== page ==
- If people and governments are going to take serious action to reduce carbon emissions, the time pretty much has to be now, because any delay will make efforts to stave off major changes more difficult and expensive to achieve.
- In the wake of “Climategate” and attacks on policy makers, the public is more confused than ever about what to think, particularly when it comes to talk of uncertainty in climate science.
- Climate policy is stalled.The public needs to understand that scientific uncertainty is not the same thing as ignorance, but rather it is a discipline for quantifying what is unknown.
- Climate scientists need to do a better job of communicating uncertainty to the public and responding to criticism from outsiders.
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In trying to understand the Judith Curry phenomenon, it is tempting to default to one of two comfortable and familiar story lines.
For most of her career, Curry, who heads the School of Earth and Atmospheric Sciences at the Georgia Institute of Technology, has been known for her work on hurricanes, Arctic ice dynamics and other climate-related topics. But over the past year or so she has become better known for something that annoys, even infuriates, many of her scientific colleagues. Curry has been engaging actively with the climate change skeptic community, largely by participating on outsider blogs such as Climate Audit, the Air Vent and the Blackboard. Along the way, she has come to question how climatologists react to those who question the science, no matter how well established it is. Although many of the skeptics recycle critiques that have long since been disproved, others, she believes, bring up valid points—and by lumping the good with the bad, climate researchers not only miss out on a chance to improve their science, they come across to the public as haughty. “Yes, there’s a lot of crankology out there,” Curry says. “But not all of it is. If only 1 percent of it or 10 percent of what the skeptics say is right, that is time well spent because we have just been too encumbered by groupthink.”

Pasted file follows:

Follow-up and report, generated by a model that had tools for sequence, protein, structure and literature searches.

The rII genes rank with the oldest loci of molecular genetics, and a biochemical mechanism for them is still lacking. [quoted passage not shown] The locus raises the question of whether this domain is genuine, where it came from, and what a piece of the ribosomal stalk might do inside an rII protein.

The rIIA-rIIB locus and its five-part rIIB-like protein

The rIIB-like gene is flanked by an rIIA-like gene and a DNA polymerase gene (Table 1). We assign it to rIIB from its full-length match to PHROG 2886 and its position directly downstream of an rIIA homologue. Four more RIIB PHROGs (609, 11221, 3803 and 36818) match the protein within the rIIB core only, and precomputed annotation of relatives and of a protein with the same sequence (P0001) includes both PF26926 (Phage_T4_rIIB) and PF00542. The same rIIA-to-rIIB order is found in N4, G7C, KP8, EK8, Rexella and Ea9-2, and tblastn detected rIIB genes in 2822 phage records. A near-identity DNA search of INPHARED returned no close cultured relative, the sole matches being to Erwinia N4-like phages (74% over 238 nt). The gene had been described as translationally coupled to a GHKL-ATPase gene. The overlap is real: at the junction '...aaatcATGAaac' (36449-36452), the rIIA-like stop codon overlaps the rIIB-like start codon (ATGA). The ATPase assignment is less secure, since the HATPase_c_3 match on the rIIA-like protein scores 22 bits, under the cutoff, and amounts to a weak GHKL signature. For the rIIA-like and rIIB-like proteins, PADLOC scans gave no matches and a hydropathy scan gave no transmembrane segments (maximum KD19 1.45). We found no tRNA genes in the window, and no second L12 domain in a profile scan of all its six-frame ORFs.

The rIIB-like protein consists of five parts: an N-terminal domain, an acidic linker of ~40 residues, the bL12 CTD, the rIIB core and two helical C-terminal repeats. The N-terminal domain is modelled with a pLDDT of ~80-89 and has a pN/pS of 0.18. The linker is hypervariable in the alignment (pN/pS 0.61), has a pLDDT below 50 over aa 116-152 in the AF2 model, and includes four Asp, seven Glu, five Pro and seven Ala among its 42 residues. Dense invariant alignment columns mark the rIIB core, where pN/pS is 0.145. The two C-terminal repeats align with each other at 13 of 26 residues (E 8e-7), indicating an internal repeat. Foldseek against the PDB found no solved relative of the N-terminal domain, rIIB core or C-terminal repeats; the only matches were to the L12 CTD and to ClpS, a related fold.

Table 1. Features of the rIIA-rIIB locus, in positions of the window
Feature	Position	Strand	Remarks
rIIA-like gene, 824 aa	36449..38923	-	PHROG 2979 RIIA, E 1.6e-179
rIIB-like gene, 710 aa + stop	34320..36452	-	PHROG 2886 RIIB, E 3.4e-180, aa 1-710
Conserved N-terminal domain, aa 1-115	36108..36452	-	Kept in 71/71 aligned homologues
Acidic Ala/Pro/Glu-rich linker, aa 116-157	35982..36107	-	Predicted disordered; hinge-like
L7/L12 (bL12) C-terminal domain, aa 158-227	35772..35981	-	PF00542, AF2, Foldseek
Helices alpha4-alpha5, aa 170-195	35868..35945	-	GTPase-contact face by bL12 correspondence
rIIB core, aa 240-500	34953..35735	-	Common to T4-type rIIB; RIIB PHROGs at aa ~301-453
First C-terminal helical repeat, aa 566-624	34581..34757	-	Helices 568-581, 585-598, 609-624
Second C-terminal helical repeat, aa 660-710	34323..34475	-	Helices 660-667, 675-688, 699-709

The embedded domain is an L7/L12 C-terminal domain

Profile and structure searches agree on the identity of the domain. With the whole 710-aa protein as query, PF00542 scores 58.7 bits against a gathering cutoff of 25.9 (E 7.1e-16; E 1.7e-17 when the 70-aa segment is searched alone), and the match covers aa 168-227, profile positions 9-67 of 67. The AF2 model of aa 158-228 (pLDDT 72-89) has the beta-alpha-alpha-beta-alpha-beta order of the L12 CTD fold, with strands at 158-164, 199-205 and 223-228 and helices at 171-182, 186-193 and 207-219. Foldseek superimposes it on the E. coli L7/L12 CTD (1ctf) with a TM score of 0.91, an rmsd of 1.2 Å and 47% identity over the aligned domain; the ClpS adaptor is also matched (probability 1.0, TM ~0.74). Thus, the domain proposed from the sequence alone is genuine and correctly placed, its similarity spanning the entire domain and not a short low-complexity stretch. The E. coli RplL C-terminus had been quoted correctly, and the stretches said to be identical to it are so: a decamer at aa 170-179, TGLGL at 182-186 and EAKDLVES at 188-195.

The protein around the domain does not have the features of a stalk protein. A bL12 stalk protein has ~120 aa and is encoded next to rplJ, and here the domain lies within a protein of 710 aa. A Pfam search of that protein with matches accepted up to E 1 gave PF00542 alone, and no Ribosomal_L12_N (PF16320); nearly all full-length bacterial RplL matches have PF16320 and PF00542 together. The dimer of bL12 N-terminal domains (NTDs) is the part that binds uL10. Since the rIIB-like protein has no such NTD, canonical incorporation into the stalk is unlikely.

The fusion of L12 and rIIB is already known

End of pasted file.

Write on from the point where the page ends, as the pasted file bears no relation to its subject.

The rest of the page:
She reserves her harshest criticism for the Intergovernmental Panel on Climate Change (IPCC). For most climate scientists the major reports issued by the United Nations–sponsored body every five years or so constitute the consensus on climate science. Few scientists would claim the IPCC is perfect, but Curry thinks it needs thoroughgoing reform. She accuses it of “corruption.” “I’m not going to just spout off and endorse the IPCC,” she says, “because I think I don’t have confidence in the process.”
Whispered discreetly at conferences or in meeting rooms, these claims might be accepted as part of the frequently contentious process of a still evolving area of science. Stated publicly on some of the same Web sites that broke the so-called Climategate e-mails last fall, they are considered by many to be a betrayal, earning Curry epithets from her colleagues ranging from “naive” to “bizarre” to “nasty” to worse.
All of which sets up the two competing story lines, which are, on the surface at least, equally plausible. The first paints Curry as a peacemaker—someone who might be able to restore some civility to the debate and edge the public toward meaningful action. By frankly acknowledging mistakes and encouraging her colleagues to treat skeptics with respect, she hopes to bring about a meeting of the minds.
The alternative version paints her as a dupe—someone whose well-meaning efforts have only poured fuel on the fire. By this account, engaging with the skeptics is pointless because they cannot be won over. They have gone beyond the pale, taking their arguments to the public and distributing e-mails hacked from personal computer accounts rather than trying to work things out at conferences and in journal papers.
Which of these stories is more accurate would not matter much if the field of science in question was cosmology, say, or paleontology, or some other area without any actual impact on people’s lives. Climate science obviously is not like that. The experts broadly agree that it will take massive changes in agriculture, energy production, and more to avert a potential disaster.
In this context, figuring out how to shape the public debate is a matter of survival. If people and governments are going to take serious action, it pretty much has to be now, because any delay will make efforts to stave off major climate change much more expensive and difficult to achieve. But the COP15 climate negotiations in Copenhagen last December ended in a watered-down policy document, with no legally binding commitments for countries to reduce greenhouse gas emissions. Following Copenhagen, the U.S. Senate was unable to pass even a modest “cap and trade” bill that would have mandated reductions. And in the wake of Climategate a year ago and widespread attacks on the IPCC and on climate science in general, the public may be more confused than ever about what to think. Is Curry making things worse or better?